This is an archived article and the information in the article may be outdated. Please look at the time stamp on the story to see when it was last updated.

SPRINGFIELD, Mo.- Top health officials in Missouri are preparing for the first sign of the COVID-19 omicron variant.

Researchers at the University of Missouri continue to test community wastewater weekly to detect new variants.

Those with the project said they are ready to inform the state at the first sign of the new variant.

University of Missouri School of Medicine Professor and Researcher Marc Johnson said they currently are testing samples from 98 communities and 36 state facilities.

“If you look at sort of where we’re sampling and where the population is in the state of Missouri, we’ve got just about every town bigger than 10,000,” Johnson said.

Officials with the Missouri Department of Health and Senior Services said wastewater testing continues to be one of two key programs the state continues to use to identify variants as they emerge.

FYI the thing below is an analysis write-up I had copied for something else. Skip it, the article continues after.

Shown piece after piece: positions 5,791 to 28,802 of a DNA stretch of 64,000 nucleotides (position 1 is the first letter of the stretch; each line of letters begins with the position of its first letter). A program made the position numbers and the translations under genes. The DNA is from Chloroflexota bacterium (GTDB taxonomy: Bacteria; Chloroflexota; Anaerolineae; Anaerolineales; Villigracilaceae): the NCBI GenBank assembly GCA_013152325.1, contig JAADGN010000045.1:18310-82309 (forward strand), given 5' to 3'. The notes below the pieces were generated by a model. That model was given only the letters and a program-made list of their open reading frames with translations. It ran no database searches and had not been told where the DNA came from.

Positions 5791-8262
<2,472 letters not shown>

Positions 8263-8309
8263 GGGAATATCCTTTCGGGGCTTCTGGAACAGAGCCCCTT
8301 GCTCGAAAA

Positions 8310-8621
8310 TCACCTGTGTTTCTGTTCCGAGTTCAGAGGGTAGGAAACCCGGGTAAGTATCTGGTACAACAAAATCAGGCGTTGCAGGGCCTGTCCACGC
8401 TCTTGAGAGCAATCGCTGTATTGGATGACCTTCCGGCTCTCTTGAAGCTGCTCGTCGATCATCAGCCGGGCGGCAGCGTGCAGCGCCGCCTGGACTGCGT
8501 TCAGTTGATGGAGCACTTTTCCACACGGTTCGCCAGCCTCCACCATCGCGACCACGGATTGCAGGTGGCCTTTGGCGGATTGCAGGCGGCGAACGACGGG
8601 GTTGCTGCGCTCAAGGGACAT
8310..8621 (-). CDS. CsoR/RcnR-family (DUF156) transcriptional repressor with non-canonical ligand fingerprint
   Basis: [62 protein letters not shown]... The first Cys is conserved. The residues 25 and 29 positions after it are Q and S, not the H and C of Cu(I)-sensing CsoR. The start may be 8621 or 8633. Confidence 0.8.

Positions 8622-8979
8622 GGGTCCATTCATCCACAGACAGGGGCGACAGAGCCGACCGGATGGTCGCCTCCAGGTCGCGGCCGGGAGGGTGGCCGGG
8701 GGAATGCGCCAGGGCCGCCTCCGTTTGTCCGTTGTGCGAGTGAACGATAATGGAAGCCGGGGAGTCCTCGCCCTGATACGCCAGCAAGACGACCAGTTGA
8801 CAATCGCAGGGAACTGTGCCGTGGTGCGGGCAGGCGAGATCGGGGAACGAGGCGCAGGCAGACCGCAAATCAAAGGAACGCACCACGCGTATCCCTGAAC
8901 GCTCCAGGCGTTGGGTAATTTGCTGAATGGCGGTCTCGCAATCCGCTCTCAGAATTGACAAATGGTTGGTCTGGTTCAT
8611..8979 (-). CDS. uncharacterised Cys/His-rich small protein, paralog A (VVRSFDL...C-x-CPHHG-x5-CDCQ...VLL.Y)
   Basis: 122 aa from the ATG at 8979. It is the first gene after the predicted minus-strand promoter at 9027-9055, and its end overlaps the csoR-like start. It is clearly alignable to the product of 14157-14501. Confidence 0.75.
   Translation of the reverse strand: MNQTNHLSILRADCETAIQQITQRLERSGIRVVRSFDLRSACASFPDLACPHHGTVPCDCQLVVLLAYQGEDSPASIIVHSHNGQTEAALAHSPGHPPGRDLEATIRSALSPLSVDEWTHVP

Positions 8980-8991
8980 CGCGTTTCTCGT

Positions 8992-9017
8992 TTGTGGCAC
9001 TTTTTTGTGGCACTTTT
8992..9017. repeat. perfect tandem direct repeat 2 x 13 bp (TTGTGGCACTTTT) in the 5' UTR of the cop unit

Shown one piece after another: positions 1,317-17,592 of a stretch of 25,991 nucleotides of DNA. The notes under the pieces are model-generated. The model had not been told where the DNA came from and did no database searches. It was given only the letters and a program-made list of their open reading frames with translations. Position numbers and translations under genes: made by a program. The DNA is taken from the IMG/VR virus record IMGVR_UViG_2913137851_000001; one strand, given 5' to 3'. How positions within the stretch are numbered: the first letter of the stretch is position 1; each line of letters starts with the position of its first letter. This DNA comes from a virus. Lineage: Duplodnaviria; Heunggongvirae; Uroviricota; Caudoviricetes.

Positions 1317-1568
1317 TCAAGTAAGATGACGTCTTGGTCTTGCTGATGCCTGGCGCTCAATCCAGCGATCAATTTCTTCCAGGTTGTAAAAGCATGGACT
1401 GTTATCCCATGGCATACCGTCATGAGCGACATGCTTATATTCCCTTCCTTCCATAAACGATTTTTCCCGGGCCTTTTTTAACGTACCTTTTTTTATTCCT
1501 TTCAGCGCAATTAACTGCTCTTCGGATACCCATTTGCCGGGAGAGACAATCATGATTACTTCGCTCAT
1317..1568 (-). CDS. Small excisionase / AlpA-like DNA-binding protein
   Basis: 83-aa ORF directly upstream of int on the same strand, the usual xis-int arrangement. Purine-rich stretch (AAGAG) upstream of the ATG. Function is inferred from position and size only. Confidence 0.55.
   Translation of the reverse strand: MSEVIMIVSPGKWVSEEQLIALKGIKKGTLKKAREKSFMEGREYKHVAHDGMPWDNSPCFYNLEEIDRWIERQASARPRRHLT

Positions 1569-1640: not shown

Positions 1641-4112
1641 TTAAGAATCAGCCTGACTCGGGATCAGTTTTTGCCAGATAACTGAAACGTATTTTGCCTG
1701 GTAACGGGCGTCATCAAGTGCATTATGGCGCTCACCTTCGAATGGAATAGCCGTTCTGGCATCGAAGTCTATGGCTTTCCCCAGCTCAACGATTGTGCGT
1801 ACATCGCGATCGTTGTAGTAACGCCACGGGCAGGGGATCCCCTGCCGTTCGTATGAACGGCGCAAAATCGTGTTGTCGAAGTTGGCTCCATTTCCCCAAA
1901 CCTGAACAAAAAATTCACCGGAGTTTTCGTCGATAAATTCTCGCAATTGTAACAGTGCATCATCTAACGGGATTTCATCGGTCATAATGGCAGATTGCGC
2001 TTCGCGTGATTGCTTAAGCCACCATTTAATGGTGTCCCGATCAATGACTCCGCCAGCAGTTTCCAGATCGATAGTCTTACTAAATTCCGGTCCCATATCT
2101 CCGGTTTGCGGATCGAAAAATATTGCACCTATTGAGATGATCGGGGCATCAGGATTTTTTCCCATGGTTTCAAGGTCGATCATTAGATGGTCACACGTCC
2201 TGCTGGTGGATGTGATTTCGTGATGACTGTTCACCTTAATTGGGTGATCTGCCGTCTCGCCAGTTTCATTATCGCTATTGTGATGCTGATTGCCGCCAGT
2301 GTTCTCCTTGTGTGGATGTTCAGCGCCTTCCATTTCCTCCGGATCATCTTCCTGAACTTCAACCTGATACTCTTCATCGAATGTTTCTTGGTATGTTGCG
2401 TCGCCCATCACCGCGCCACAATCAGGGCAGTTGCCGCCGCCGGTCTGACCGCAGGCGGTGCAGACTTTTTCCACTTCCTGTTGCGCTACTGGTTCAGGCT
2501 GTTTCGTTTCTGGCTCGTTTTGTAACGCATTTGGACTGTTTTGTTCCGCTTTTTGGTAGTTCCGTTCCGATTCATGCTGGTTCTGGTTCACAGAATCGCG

“The monoclonal therapies probably will not work at all with this lineage,” Johnson said. “It is gonna be the most vaccine-resistant lineage we’ve seen so far. The mutations that it has are not random, they’re mutations that we know. They’re escape mutants.”

However, Johnson said there is still much to learn when it comes to the new variant.

“The fact that it has gained ground against delta anywhere is pretty impressive and makes me think that probably it’s gonna spread,” Johnson said. “I don’t think it’s a foregone conclusion yet.”

He said getting the COVID-19 vaccine is always better than not when it comes to any COVID-19 variant.